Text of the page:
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I just finished reading Brian Marick’s article, “Mocks, the removal of test detail, and dynamically-typed languages”, which focused me on a design technique I use heavily: awareness of irrelevant details in tests. Referring back to the four elements of simple design, I focus on irrelevant details in tests in order to help me maximize clarity in production code. Please allow me to sketch the ideas here.

I use the term irrelevant detail to refer to any detail that does not contribute directly to the correctness of the behavior I’ve chosen to check. I know when I’ve bumped into an irrelevant detail: while writing the code that allows me to check something, I start typing something, then my shoulders slump and I exhale with annoyance. I think, I shouldn’t have to write this, because it has nothing to do with what I want to check. Brian’s example illustrates this perfectly:

The random methods save a good deal of setup by defaulting unmentioned parameters and by hiding the fact that Reservations have_many Groups, Groups have_many Uses, and each Use has an Animal and a Procedure. But they still distract the eye with irrelevant information. For example, the controller method we’re writing really cares nothing for the existence of Reservations or Procedures–but the test has to mention them.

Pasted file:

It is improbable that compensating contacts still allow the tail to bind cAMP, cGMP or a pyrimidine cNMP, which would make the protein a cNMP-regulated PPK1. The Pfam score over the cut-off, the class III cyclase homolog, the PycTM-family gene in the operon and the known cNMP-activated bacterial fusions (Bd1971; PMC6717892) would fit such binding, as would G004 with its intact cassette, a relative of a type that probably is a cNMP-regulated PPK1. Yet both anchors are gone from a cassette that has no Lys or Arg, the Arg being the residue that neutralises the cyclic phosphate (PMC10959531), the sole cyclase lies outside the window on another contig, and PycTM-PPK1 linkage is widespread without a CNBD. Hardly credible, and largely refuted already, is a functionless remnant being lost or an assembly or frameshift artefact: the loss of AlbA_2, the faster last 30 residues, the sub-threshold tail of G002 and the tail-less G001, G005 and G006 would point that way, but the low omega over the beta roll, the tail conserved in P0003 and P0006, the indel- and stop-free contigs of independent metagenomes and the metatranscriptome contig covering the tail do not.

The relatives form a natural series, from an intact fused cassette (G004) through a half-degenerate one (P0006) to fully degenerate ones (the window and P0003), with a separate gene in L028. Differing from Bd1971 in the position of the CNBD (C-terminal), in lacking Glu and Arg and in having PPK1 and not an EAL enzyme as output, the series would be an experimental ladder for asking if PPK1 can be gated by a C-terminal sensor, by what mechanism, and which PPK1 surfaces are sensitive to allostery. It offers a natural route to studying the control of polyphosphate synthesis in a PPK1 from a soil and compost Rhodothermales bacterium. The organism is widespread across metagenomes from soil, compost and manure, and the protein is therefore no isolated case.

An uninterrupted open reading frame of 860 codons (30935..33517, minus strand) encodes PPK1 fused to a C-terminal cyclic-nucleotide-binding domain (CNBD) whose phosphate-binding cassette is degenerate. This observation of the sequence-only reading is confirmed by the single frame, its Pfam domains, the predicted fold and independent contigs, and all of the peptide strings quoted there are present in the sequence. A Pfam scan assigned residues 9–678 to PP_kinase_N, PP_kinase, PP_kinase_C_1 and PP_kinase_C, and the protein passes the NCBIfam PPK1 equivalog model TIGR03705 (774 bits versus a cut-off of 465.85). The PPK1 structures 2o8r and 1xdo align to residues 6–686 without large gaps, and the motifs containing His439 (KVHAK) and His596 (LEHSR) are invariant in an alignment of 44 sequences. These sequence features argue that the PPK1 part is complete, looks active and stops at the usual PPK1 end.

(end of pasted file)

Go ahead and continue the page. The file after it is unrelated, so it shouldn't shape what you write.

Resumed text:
I maintain one Ruby code base, which runs my weblog at and I often find myself creating a Posting object in my tests, and often the content of that posting doesn’t matter.

I use a simple rule to help me identify irrelevant data in tests.

If I can change a value without changing the result of the behavior I want to check, then I call that irrelevant data for this test.

I first identify data as irrelevant and mark it that way. For string values, I include the word “irrelevant” in the string. Some people use words like “dummy” for this purpose, but I prefer “irrelevant”, because I don’t want others to confuse an irrelevant detail for a type of stub. I used to simply choose random values for irrelevant data, because I had read that good testing principles included varying data from test to test. Now I feel that choosing especially meaningful-looking values for irrelevant data obscures the purpose of a test.

Irrelevant data can hurt in a number of ways.

  • You might “play it safe” and duplicate the irrelevant data in more tests, leading to excess investment in maintaining your tests.
  • You might “play it safe” and check the irrelevant data in your test, leading to misleading failures as you change unrelated behavior in the system.
  • Changing the data might affect the result (pass/fail) of your test even though the data does not relate conceptually to the behavior you want to check.